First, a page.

The Reds’ return to the Champions League could cost them dearly.
After a two year absence from European football Liverpool returned to the Champions League this season having finished second in the Premier League in 2013/14.
However, this could cost them as UEFA are now scrutinising their books from the past 24 months and they may have unwittingly breached the organisation’s Financial Fair Play rules.
Having not competed in any UEFA competition since 2011 the Reds have also not been subjected to the new FFP stipulations – with both Manchester City and Paris Saint-Germain falling foul in recent times for their excessive spending.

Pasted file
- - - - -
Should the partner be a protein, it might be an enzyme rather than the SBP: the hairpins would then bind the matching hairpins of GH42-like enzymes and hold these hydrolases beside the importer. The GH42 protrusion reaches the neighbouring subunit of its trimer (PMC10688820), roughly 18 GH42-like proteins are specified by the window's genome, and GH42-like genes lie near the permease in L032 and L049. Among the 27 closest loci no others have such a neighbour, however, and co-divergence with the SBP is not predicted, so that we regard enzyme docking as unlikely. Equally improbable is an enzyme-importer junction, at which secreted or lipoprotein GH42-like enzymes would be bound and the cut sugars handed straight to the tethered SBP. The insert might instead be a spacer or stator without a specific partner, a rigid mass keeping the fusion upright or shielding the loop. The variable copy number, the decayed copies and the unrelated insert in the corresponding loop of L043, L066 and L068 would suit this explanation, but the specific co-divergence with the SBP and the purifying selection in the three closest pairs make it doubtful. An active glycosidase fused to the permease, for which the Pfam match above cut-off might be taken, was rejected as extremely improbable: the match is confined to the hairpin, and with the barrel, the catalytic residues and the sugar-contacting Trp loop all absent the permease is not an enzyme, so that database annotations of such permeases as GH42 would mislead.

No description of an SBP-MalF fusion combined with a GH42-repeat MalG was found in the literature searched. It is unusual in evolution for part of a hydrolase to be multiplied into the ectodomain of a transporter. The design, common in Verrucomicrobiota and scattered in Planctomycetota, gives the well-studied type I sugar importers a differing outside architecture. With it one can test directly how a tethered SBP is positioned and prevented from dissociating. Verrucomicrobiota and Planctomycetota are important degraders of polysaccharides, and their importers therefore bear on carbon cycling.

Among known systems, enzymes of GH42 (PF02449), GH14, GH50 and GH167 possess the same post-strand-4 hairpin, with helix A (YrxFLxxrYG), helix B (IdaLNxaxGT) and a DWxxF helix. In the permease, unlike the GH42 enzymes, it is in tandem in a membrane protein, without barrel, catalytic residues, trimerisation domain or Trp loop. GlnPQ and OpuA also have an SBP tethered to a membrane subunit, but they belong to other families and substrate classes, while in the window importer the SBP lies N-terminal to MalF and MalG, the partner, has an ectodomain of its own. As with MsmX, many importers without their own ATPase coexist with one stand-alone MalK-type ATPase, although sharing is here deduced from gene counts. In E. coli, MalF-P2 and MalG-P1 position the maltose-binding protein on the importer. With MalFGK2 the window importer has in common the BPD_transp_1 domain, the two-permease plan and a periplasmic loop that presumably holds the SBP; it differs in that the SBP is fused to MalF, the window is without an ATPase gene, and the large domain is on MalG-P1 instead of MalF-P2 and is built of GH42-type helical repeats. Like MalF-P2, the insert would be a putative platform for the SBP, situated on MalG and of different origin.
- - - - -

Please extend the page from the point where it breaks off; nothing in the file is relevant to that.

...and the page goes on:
FFP says that losses for a club must not exceed an amount set by them and if the Merseyside outfit are found not to have adhered to this they could lose up to £7m of this term’s prize money.
“As soon as a club qualifies [for a UEFA competition], it enters the scope of Financial Fair Play,” head of Club Licensing and Financial Fair Play at UEFA, Andrea Traverso, was quoted by the Telegraph.
“So they have to immediately submit all the information to UEFA.”
The Reds submitted their accounts for the past two years to Europe’s top footballing governing body over the summer and are waiting to find out if they are deemed ‘at risk.’
Last campaign 76 teams breached the rules, although of those only nine actually received sanctions, with City and PSG both seeing their Champions League squad for 2014/15 reduced from 25 representatives to 21.